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“Don’t be ridiculous,” Aurora said. “You’re a Princess. You can’t have a small wedding.”

“Aurora is right,” Willa said, sounding sad to be agreeing with her. “You need to have a huge wedding. You have to let them know that you’re a Princess to be reckoned with.”

“Don’t they already know that?” I asked honestly, and Willa shrugged.

“It doesn’t hurt to remind them.”

“Since your father is out of the picture, Noah can walk you down the aisle,” Aurora said, writing something else on her paper.

“Noah?” I asked. “Your husband?”

“Yes, he’s a suitable choice,” Aurora replied offhandedly.

“But I barely know him,” I said.

“Well, you can’t walk down alone,” Aurora said, giving me an annoyed look.

“Why can’t Matt walk me down?” I asked. “He practically raised me anyway.”

“Matt?” Aurora was confused, and when she remembered who he was, she wrinkled her nose in disgust. “That human boy? Absolutely not. He shouldn’t even be living in the palace, and if others were to find out he was here, you’d be the laughingstock of the kingdom.”

“Then … fine.” I scrambled to think of someone other than Noah. “What about Garrett?”

“Garrett Strom?” Aurora was appalled, but I think it was because he was actually an acceptable candidate.

“He is nearly her stepfather,” Willa pointed out with a sly smile. Having her father walk me down the aisle would give her and her family more prestige.

That wasn’t why I picked him, though. I actually liked Garrett, and he was the closest thing I had to a decent father figure around here.

“If it is as the Princess wishes,” Aurora said, and grudgingly she crossed out her husband’s name and wrote Garrett’s instead.

They continued that way for a while, and eventually I had to excuse myself. I needed a break from their subtle jabs and bickering. I wandered down the hall. My plan only went so far as to be anywhere that they weren’t.

As I got closer to the War Room, I heard voices. I stopped and poked my head inside. The pasty Chancellor sat at the desk with a stack of papers spread out before him. Finn and Tove stood on the other side of the desk, talking, and Thomas was at the bookshelves, searching for something.

“What are you guys doing?” I asked as I came into the room.

“The boys here have an idiotic plan, and I’m indulging them,” the Chancellor said.

“It’s not idiotic,” Finn said, glaring at the Chancellor, who was too busy dabbing sweat from his forehead to notice.

“We’re trying to find a way to extend the truce,” Tove explained. “We’re going through old treaties with the Vittra and any other tribes to see if we have a precedent.”

“Have you found anything?” I asked.

I went over to the desk and touched some of the papers. Most of them were written in a language I didn’t understand. It was all symbols, almost like Russian or Arabic. When I looked in the library, I’d found that to be common of the older documents.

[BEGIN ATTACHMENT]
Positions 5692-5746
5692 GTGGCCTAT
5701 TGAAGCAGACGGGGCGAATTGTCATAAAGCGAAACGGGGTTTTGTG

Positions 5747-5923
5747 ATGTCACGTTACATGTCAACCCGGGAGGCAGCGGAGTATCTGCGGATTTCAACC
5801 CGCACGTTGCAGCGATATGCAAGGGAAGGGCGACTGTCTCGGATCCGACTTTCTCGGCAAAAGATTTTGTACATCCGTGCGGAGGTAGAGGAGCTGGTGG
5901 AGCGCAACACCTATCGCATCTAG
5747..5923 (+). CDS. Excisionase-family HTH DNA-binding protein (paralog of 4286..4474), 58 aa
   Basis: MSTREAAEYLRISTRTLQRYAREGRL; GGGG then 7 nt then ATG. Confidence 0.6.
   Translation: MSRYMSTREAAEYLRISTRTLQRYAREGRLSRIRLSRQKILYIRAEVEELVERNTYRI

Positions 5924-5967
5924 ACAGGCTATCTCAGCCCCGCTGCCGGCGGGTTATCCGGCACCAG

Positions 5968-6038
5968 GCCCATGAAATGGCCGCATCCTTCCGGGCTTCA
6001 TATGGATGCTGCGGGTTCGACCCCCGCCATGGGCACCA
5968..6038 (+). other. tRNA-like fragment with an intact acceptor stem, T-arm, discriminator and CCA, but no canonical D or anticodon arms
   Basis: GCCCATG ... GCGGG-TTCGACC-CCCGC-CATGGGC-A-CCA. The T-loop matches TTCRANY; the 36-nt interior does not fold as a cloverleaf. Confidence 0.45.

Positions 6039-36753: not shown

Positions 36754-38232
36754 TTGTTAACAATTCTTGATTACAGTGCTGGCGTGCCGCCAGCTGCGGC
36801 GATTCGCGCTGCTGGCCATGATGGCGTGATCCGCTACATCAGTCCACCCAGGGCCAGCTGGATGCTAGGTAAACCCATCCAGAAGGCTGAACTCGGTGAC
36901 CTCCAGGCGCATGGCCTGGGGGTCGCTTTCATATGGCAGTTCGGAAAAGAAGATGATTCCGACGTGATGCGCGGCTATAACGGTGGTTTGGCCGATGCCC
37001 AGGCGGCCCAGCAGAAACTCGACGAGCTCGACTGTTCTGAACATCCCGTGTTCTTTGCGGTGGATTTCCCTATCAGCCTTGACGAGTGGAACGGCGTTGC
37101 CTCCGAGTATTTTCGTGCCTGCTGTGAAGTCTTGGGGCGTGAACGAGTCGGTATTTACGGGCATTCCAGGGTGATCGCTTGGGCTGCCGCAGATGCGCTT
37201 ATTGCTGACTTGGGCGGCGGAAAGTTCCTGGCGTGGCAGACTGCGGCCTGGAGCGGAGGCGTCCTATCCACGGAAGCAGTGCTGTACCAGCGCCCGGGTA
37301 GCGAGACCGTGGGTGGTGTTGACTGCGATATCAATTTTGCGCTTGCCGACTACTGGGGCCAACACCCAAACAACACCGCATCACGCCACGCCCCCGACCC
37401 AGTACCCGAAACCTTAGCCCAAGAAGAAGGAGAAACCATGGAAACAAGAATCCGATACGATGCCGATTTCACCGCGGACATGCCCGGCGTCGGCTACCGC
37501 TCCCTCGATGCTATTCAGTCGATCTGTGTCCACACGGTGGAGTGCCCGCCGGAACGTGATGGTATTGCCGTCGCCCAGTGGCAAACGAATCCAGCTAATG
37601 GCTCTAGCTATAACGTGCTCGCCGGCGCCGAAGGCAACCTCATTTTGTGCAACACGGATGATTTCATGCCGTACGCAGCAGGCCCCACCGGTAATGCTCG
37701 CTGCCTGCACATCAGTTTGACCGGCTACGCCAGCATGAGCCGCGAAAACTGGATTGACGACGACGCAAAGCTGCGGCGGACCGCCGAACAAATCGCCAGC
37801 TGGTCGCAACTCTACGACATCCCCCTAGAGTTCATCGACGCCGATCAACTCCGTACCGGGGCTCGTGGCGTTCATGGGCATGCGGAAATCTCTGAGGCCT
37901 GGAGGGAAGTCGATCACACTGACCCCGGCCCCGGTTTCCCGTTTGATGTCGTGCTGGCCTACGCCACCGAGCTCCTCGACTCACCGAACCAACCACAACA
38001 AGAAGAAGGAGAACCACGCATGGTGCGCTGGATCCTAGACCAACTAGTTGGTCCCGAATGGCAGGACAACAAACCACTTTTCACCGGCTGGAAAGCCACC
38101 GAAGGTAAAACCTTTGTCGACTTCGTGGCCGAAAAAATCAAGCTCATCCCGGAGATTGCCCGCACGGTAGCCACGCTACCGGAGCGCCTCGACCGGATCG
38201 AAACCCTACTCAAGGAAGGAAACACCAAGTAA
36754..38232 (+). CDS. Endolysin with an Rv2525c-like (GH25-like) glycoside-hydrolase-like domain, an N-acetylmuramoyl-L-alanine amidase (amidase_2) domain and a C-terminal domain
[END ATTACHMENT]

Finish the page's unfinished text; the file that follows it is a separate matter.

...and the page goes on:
“Nothing useful yet, but we only just started,” Tove said.

“You won’t find anything useful.” The Chancellor shook his head. “The Vittra never extend their deals.”

“What kinds of things could extend the truce?” I asked, ignoring the Chancellor.

“We don’t know, exactly,” Tove admitted. “But often there are loopholes in the language that we can use against them.”

“Loopholes?” I asked.

“Yeah, like Rumpelstiltskin,” Finn said. “They usually throw in something clever like that when they make a deal. It seems impossible, but sometimes you can break it.”

“I heard the deal. They didn’t say anything like that,” I said. “Except that the peace only lasts until I become Queen. What if I never become Queen?”

“No, you need to be Queen,” Finn said and picked up a stack of papers.

“But that would make indefinite peace, wouldn’t it?” I asked. “If I was never Queen.”

“I doubt it,” Tove said. “The King would find a way around it eventually, and it would only make him more pissed when he finally did.”

“But…” I trailed off and sighed. “So he’ll find his way around anything, including an extension. Why are you even bothering?”

“An extension isn’t our goal.” Tove met my eyes. “We’ll settle for a temporary fix if it’s all we can find, but we want to find something that will end this.”

“Do you think something like that exists?” I asked.

“The only thing that King will listen to is violence,” the Chancellor sputtered. “We need to attack them with everything we have, as soon as we can.”

“We have tried that,” Tove said, exasperated. “Over and over again! The King is immune to our attacks! We can’t hurt him!”

It suddenly hit me when he said that. When Tove had talked about Loki, he’d said that only he, Elora, and I were strong enough to hold him, and he wasn’t even sure if we could execute him. The King was even stronger than Loki.

Nobody had ever been able to stop him. Elora wasn’t strong enough, and Tove was too scatterbrained. But I had the King’s strength and Elora’s power.